Controlling electron waves by harnessing phase-coherence and interference effects is a cornerstone for future nanoelectronics or quantum computing. To this end, design of platforms with well-defined, narrow, and low-loss propagation channels is essential. Nanoporous graphene (NPG) holds great potential for distributing and controlling currents on the nanoscale. But the effects derived from the wave nature of electrons represent a challenge.
But first things first. What exactly is NPG and why is it interesting?
Graphene is a two-dimensional allotrope of carbon made of hexagons. It is a zero-gap semimetal with a tiny overlap between valence and conductance bands. Since the isolation of graphene in 2004, considerable interest has been paid to exploring its applications in a variety of fields such as electronics, composites, sensors, catalysis and energy related systems. But, in order to facilitate the implementation of a graphene-based device, an essential change of the electronic structure of graphene must be achieved first – namely, the controlled creation of a band gap.
Two fundamentally different mechanisms are known to be able to do just that: a sublattice symmetry breaking or an induced strong spin−orbit interaction. The band gap appearance can drive graphene into a narrow-gap semiconductor if we use the first.
Processing graphene into nanoribbons – strips of graphene – with widths of less than 10 nm can open up a band gap that is sufficient for room temperature field effect transistor applications. Unfortunately, graphene nanoribbon-based devices often have low driving currents, making them unsuitable for practical applications.
Enter nanoporous graphene (NPG), a unique graphene nanostructure that can be regarded as a densely interconnected network of multiple nanoribbons Through the formation of NPGs it is possible to open an energy band gap in a large area graphene sheet to generate a semiconducting thin carbon film. By achieving bottom-up synthesis and transfer of atomically precise NPGs, Moreno et al. (2018) have recently paved the way for the fabrication of high-quality NPG-based devices.
Now, what is the challenge?
We know that particles have two aspects, particle and wave. We usually think of electrons as particles but they can also be regarded as waves, as they do behave like waves. And waves, interact with objects and with themselves giving way to well-known phenomena, like diffraction or interference. The particulars of the phenomena depend on the medium the wave is travelling through.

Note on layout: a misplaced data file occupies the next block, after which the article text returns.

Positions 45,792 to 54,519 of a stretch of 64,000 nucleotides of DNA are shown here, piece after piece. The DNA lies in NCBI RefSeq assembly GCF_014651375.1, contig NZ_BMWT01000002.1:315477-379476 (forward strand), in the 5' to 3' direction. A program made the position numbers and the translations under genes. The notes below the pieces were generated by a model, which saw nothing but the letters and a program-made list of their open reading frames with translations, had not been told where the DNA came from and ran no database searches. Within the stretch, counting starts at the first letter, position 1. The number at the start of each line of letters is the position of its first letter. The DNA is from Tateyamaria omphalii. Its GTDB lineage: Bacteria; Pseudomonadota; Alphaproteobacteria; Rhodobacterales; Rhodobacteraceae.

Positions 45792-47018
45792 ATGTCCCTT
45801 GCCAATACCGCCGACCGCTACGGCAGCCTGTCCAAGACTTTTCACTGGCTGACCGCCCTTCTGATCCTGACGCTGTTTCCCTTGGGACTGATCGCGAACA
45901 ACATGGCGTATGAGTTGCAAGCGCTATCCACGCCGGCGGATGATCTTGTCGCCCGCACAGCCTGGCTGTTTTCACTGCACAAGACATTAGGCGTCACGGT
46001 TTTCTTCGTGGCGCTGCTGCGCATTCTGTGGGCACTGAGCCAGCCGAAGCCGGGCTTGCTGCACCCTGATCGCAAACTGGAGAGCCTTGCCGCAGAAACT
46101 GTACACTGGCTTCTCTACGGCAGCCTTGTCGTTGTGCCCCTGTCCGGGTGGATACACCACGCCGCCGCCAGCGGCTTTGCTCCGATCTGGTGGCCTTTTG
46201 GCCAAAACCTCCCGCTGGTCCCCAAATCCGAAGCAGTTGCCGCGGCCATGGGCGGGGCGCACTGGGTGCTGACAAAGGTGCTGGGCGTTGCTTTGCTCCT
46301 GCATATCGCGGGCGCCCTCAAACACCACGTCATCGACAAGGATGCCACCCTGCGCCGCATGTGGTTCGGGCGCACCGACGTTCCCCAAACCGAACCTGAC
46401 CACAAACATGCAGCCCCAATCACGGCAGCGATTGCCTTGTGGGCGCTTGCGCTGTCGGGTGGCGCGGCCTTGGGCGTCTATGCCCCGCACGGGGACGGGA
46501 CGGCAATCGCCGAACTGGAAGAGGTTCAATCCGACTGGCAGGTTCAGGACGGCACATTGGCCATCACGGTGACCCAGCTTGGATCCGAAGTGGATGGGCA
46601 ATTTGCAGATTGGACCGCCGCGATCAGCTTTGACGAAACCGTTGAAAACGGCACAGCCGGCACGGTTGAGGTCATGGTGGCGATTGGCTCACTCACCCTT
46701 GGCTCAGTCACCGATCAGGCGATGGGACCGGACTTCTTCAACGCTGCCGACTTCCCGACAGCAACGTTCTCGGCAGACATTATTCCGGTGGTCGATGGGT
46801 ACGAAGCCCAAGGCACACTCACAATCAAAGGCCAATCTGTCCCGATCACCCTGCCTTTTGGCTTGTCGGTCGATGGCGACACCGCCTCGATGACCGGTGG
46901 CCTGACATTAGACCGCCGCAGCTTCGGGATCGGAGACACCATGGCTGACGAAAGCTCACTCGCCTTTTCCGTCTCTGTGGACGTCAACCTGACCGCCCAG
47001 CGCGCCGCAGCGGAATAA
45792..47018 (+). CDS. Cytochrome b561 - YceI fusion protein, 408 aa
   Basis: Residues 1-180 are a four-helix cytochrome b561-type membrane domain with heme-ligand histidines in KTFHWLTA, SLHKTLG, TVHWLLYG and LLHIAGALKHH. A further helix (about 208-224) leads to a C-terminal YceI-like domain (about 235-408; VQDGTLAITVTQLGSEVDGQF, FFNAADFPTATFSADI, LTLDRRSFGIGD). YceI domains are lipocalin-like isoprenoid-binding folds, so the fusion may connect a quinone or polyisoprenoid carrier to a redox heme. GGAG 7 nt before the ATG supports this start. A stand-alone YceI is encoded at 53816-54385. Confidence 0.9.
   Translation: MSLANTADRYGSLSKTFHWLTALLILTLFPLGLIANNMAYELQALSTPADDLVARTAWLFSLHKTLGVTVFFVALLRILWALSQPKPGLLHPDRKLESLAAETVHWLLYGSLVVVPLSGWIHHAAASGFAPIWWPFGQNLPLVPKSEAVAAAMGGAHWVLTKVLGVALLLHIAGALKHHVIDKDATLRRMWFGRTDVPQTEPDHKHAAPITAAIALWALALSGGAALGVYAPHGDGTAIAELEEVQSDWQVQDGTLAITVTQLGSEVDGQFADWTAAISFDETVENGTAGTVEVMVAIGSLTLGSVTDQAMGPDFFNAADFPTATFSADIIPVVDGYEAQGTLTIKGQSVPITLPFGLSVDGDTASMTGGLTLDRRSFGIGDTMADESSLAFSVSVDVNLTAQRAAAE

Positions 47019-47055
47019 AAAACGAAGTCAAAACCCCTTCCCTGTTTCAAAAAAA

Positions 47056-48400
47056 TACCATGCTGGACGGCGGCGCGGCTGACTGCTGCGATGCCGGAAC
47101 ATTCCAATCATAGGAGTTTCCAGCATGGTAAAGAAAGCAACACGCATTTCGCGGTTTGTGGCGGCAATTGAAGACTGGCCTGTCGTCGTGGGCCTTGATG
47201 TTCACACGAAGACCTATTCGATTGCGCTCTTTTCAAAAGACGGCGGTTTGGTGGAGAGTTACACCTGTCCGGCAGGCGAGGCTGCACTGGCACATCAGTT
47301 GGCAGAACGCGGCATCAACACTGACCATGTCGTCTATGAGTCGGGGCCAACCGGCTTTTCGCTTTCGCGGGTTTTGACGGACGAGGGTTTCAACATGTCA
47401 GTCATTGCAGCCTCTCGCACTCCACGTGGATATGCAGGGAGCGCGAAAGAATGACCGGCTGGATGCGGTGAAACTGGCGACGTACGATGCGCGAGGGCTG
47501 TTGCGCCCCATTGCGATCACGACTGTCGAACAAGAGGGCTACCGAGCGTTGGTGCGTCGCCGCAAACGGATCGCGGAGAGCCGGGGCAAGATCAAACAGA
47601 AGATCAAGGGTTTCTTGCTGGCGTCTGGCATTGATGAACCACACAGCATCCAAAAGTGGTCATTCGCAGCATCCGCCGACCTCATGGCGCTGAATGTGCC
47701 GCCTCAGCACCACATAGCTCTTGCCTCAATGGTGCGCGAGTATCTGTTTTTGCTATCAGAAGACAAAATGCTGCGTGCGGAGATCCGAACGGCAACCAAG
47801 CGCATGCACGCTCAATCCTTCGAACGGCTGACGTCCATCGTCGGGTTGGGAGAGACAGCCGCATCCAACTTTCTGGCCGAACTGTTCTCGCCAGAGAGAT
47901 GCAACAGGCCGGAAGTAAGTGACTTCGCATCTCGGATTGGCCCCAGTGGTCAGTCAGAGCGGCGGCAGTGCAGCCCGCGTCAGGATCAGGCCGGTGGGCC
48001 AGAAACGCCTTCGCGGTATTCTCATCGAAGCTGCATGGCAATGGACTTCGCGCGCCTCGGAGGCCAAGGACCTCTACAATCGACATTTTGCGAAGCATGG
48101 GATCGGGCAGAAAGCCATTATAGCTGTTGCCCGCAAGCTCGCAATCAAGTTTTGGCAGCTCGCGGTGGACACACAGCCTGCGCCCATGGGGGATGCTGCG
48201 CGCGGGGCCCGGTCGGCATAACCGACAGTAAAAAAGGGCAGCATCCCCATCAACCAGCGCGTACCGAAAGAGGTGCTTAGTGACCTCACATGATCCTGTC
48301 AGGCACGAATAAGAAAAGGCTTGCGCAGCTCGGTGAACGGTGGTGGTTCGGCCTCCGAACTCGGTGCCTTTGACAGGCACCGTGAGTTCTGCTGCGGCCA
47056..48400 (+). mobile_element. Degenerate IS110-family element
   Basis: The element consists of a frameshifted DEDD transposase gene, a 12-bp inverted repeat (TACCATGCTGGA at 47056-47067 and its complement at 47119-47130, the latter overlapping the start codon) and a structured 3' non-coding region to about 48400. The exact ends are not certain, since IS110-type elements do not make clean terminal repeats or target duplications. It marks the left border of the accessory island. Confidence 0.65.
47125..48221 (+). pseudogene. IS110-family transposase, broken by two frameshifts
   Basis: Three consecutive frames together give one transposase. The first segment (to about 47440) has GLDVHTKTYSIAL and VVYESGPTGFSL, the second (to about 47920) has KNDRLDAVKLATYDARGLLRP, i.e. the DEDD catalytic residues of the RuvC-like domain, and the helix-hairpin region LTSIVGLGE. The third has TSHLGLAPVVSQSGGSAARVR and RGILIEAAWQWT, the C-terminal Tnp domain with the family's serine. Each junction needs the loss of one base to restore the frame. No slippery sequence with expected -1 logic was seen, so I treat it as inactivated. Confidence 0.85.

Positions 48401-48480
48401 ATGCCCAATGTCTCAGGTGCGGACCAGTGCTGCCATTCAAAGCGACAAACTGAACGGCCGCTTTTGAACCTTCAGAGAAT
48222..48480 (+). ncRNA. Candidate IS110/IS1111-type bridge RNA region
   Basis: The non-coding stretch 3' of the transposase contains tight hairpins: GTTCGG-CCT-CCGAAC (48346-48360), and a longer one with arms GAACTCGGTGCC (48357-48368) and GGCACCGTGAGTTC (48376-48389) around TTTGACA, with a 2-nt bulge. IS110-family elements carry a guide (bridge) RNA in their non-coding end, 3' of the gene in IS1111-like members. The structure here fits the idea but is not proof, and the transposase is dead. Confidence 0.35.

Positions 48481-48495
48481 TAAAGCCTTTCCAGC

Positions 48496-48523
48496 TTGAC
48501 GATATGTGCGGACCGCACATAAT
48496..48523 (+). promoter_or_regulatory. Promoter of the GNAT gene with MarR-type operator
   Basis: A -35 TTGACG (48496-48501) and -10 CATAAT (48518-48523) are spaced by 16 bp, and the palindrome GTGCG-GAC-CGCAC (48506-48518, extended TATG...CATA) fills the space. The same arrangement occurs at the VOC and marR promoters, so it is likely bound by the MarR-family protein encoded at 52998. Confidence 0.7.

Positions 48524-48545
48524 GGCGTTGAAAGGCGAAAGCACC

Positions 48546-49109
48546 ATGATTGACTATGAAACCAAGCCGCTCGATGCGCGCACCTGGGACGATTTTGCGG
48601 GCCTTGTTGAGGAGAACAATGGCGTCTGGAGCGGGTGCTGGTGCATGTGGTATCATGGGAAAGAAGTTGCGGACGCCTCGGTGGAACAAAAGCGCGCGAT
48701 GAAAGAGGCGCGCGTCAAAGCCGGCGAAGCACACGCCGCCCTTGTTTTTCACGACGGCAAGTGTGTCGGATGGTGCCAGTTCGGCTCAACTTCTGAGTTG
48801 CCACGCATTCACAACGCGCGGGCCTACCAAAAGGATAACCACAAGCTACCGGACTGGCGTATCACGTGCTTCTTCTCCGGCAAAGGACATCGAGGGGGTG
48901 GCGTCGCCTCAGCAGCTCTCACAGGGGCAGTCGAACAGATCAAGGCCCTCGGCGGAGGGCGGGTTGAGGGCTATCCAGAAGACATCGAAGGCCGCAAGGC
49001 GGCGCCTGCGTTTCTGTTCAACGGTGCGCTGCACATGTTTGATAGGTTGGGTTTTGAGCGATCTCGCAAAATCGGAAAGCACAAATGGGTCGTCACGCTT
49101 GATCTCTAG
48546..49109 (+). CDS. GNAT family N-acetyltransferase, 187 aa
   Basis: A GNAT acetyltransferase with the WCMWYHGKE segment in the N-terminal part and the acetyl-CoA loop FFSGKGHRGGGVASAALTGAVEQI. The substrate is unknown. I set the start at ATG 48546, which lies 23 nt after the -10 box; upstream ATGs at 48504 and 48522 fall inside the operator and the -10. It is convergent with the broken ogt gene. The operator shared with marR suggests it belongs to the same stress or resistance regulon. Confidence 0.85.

The point is that electrons in graphene – the medium in this case – can show diffraction and interference phenomena fully analogous to those of light. It is not clear, though, how this optical analogy persists in a nanostructured graphene like NPG. This is so because the particular edge topology of the linked graphene nanoribbons making up the NPG results in a pronounced in-plane anisotropy, which is reflected in the electronic structure.
Now, an international team of researchers, including Ikerbasque Research Professor Thomas Frederiksen (DIPC) and Ikerbasque Research Associate Arantzazu Garcia Leuke (DIPC), has theoretically investigated 1 to what extent currents can be injected along individual graphene nanoribbons channels in gated NPG-based devices that have a chemical contact with a scanning tunneling microscope probe.
The researchers develop a multiscale method based on density functional theory and non-equilibrium Green’s functions, enabling current calculations with devices longer than 100 nm, relevant for experiments. They find that the inter-nanoribbon coupling disrupts the longitudinal electron confinement into individual channels, giving rise to the Talbot effect (Figure 1), a fascinating interference phenomenon predicted to occur in discrete optical waveguide systems.
The Talbot effect is a near-field diffraction effect first observed in 1836 by Henry Fox Talbot. When a plane wave is incident upon a periodic diffraction grating, the image of the grating is repeated at regular distances away from the grating plane. Lord Rayleigh showed that the Talbot effect was a natural consequence of Fresnel diffraction.
The authors link the origins of this interference phenomenon to the band structure of the NPG. They also demonstrate how the Talbot effect may be detected experimentally using dual-probe scanning tunneling microscopy. This is most important as Talbot interference of electron waves in NPG or other related materials may open up new opportunities for future quantum electronics, computing, or sensing.
Author: César Tomé López is a science writer and the editor of Mapping Ignorance.